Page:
"Exploiting athletes at the high school and college level was not the narrative we chose," Porter, the CEO, said. "We didn’t want to be like another version of college, essentially giving players some education in exchange for making money off them. If they were a 16-year-old YouTuber or rapper or influencer, they’d be getting paid."

Overtime Elite also offers all salaried employees, including players, shares in the company.

Eventually, the payoff for OTE investors and shareholders could come in the form of a media rights deal — selling the league to a major network. Until then, Overtime makes money off of marketing, branding and merchandise related to its players.

Players make money off certain deals as well. OTE's deal with Topps trading cards, for example, offers a cut to both the company and the athletes, who earn a percentage of their card sales. The league does not get a cut of the athlete's potential pro contracts, a spokeswoman said.

Player Davion Mace signs 2,000 of his Topps basketball trading cards during downtime at the OTE complex in January. OTE players get a cut of the money generated from the sale of their own trading cards.
Player Davion Mace signs 2,000 of his Topps basketball trading cards during downtime at the OTE complex in January. OTE players get a cut of the money generated from the sale of their own trading cards.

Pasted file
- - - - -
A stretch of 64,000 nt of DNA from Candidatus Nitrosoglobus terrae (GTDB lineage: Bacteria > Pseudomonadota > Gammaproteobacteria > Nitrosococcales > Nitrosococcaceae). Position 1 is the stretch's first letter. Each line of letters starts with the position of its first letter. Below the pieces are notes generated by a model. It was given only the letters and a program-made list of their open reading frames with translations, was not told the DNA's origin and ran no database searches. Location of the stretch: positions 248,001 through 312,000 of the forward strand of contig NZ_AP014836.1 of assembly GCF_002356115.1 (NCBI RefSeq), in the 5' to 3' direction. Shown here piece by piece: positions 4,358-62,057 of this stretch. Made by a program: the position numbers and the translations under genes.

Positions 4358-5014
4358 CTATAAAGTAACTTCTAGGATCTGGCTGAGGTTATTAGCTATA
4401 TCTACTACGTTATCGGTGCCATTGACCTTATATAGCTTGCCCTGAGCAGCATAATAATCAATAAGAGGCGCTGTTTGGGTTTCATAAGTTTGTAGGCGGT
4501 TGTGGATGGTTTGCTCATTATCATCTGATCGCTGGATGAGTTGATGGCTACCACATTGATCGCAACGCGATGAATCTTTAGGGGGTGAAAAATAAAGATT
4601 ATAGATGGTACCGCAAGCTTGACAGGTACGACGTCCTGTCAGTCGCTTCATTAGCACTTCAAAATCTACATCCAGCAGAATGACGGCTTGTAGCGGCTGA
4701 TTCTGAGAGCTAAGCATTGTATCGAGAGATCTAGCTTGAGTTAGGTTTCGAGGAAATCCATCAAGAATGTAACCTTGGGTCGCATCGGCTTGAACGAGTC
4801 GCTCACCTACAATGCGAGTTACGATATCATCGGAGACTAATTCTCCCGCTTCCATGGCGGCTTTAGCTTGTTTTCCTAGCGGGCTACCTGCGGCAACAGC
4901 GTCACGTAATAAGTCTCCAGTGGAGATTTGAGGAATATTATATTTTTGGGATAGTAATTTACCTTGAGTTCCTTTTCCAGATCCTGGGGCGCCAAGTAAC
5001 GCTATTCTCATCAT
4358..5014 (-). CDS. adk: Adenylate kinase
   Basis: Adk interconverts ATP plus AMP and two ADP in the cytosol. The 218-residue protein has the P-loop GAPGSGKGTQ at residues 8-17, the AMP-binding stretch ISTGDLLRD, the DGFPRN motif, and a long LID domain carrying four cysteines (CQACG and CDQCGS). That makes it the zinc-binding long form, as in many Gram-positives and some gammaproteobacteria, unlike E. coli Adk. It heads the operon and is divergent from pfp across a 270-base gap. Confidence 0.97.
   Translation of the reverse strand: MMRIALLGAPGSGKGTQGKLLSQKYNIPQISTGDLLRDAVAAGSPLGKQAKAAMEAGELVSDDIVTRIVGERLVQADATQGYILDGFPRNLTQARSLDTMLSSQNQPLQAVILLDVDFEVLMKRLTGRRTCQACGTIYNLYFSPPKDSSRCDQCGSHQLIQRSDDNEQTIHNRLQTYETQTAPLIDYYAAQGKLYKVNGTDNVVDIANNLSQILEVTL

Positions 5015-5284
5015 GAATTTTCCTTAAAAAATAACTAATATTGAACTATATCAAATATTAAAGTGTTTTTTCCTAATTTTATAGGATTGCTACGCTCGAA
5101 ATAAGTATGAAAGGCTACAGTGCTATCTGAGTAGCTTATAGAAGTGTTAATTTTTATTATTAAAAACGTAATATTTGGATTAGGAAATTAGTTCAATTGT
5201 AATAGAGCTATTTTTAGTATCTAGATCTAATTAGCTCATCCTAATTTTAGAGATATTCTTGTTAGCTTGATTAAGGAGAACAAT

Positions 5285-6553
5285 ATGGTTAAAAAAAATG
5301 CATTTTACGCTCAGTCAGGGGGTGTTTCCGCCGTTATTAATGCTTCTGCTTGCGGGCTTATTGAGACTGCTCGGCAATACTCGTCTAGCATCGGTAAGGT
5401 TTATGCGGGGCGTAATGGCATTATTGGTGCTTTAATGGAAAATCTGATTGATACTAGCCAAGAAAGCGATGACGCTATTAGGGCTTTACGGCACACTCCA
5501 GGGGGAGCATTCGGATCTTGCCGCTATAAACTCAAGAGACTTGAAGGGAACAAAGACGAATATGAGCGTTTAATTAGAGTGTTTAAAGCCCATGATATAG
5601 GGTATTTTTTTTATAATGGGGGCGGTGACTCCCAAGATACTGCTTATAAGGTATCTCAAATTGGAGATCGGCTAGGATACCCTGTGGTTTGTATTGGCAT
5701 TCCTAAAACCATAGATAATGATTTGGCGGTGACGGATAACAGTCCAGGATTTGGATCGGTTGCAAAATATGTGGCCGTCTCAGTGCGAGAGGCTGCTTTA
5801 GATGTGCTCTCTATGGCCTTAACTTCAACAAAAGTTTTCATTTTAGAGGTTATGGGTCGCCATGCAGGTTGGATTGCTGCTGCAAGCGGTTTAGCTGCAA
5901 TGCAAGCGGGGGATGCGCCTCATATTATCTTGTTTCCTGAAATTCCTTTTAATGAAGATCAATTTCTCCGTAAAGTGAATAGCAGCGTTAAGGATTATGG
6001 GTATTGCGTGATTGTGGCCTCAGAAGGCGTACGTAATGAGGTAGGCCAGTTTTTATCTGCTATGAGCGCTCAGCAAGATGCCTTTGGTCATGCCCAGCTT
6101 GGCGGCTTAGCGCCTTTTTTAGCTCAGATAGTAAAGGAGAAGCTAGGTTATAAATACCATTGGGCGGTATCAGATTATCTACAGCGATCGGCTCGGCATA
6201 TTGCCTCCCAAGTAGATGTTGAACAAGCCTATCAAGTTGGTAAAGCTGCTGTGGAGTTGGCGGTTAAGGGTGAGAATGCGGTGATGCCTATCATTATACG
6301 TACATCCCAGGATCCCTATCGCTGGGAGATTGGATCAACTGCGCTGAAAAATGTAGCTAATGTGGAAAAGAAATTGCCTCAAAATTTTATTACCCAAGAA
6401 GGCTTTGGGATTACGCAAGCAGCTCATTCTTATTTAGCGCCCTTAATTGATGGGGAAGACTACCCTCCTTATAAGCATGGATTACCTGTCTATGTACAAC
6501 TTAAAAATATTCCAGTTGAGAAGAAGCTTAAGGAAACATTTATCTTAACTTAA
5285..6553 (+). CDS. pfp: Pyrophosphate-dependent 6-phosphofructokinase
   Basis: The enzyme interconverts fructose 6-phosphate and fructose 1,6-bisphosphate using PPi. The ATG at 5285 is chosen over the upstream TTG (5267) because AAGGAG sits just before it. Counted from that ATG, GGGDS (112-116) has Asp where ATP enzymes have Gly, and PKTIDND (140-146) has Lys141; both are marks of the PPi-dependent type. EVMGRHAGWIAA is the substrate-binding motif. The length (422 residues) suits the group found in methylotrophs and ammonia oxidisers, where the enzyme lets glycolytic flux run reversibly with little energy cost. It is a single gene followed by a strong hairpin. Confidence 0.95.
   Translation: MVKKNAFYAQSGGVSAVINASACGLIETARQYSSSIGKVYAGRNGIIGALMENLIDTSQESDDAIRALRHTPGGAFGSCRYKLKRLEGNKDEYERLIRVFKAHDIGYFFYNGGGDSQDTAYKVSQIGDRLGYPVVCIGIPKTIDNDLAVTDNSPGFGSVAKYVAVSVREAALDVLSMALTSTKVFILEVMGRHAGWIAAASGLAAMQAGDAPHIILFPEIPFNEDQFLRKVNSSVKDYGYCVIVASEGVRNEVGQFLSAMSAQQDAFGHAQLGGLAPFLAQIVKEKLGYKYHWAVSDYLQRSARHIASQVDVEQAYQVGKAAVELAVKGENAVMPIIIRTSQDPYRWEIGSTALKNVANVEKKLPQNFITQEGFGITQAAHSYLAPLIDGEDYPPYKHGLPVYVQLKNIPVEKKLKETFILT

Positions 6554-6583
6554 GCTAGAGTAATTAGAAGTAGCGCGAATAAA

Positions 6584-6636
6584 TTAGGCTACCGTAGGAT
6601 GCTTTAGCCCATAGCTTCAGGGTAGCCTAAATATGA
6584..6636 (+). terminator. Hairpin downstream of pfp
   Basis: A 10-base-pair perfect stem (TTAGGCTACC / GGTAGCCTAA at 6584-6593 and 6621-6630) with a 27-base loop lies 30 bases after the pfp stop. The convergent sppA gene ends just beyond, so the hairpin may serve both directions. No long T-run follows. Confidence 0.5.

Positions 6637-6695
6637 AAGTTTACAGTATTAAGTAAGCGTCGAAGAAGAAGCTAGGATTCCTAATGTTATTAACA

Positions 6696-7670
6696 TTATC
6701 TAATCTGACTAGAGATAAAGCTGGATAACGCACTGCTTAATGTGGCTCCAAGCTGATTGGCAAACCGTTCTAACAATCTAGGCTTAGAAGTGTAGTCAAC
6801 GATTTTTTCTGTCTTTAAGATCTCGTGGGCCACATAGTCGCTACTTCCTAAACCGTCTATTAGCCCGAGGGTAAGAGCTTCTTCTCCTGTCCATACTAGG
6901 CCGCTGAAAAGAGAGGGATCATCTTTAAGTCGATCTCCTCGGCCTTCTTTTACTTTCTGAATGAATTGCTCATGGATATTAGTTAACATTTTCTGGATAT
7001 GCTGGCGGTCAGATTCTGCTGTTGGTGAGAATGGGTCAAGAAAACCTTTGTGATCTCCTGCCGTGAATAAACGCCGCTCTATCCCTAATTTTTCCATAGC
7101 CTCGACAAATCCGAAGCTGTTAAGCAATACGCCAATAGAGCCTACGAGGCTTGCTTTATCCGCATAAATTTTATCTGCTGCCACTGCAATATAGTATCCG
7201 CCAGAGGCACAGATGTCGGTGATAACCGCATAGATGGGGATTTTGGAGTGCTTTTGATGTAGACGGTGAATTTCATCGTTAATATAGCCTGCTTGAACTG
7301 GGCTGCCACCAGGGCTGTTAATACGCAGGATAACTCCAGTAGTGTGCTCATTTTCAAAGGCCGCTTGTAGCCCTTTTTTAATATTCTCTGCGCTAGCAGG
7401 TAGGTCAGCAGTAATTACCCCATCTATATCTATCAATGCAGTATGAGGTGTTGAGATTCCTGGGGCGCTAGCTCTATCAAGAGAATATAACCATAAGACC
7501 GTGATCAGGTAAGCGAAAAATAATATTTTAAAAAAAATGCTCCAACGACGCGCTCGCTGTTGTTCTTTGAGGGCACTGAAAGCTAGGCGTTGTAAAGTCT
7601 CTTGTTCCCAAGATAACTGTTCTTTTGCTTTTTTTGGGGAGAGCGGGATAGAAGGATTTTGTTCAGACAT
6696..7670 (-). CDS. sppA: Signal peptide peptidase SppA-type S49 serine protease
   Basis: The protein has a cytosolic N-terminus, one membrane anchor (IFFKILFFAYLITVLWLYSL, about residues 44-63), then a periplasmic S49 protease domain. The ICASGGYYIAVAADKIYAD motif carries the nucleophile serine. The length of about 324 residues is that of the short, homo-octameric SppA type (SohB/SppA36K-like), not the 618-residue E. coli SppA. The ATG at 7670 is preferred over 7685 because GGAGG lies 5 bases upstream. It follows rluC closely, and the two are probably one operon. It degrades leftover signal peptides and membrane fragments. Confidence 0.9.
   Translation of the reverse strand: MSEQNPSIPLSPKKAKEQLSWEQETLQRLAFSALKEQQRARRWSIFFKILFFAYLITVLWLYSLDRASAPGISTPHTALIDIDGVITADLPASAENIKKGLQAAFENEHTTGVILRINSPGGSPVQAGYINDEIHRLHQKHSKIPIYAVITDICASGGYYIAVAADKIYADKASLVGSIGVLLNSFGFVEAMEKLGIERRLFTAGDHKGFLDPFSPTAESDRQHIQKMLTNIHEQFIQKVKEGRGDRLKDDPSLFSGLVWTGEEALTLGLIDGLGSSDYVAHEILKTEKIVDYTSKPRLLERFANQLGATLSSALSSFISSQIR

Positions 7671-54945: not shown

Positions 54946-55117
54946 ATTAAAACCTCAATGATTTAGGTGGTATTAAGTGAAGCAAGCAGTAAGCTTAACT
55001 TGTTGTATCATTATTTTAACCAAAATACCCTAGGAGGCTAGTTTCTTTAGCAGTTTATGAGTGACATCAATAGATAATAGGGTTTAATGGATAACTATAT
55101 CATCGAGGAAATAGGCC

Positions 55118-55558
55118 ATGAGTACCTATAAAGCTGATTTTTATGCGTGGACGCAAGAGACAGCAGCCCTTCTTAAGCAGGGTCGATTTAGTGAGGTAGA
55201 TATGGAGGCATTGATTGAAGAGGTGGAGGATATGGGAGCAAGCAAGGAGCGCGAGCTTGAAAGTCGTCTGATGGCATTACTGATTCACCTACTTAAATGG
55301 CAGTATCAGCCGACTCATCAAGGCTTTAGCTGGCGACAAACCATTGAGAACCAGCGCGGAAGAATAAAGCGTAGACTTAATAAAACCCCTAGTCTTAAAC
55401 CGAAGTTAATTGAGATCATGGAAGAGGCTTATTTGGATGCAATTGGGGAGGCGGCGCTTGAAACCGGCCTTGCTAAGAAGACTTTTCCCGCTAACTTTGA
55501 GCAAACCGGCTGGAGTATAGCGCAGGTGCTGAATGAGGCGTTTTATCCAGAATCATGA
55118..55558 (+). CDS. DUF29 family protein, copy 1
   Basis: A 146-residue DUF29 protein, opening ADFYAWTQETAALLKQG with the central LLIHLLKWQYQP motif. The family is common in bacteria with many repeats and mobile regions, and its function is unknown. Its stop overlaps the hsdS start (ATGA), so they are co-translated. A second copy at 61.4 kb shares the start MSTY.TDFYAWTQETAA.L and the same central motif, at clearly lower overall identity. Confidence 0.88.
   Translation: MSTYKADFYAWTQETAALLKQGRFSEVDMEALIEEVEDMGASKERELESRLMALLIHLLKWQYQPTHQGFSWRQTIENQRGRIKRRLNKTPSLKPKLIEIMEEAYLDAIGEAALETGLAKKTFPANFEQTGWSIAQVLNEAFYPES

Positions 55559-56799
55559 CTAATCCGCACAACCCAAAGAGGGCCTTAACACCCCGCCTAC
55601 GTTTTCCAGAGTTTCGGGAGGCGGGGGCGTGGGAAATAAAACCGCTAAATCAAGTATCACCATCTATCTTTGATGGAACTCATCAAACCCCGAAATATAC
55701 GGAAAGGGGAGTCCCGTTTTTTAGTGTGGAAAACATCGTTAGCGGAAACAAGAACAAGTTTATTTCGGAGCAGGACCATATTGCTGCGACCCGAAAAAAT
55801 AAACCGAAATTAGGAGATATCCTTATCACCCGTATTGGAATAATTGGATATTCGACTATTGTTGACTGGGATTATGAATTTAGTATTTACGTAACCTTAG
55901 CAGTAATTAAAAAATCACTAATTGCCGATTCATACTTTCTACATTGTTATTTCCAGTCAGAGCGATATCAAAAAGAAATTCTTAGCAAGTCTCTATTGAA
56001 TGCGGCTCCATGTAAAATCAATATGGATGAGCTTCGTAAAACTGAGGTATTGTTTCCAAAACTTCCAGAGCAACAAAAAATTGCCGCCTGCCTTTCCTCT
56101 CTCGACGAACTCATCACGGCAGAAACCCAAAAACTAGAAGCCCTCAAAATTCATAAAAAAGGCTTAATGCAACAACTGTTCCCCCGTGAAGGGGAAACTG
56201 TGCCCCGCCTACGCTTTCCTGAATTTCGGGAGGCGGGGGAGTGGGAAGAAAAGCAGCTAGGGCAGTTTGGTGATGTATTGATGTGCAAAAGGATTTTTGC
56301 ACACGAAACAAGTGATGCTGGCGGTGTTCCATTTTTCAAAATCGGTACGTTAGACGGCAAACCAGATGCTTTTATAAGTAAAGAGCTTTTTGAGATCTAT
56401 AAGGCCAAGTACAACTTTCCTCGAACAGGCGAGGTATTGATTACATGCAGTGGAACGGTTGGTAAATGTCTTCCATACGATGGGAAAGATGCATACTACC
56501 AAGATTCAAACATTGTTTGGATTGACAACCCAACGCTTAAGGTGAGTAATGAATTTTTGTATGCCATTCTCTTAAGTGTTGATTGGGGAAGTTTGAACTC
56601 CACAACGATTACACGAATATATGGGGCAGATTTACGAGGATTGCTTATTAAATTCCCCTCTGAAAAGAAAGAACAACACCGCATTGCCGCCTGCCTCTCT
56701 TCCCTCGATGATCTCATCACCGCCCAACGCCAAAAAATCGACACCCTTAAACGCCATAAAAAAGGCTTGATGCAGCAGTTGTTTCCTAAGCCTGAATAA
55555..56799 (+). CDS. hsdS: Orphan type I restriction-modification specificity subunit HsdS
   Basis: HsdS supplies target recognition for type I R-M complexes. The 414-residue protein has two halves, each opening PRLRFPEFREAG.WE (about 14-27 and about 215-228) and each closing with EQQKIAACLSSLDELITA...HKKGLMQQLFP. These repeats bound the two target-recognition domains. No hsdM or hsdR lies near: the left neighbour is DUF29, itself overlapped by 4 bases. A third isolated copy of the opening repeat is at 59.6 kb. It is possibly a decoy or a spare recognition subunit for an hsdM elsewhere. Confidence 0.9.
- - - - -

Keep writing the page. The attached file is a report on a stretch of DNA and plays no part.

Aaron Ryan, OTE commissioner and president, said rookies in the NBA usually get a few days of training on the complexities of their new salaries, or the specifics of marketing deals. At OTE, players can get up to a year or more of that kind of guidance.

Cobbs, the player from Milwaukee, said he's learned how quickly you can gain and lose money.

"I've learned how money can divide family and friendships," he added. "I’ve learned a lot of new words, like what an investment and an investor is."

Dominick Barlow, a 6'9" power forward from Dumont, New Jersey, who signed as a post-grad at OTE, said he's learned the importance of different kinds of investments.

"I'm learning there's more than just stocks," he said. "There's cryptocurrency and Bitcoin."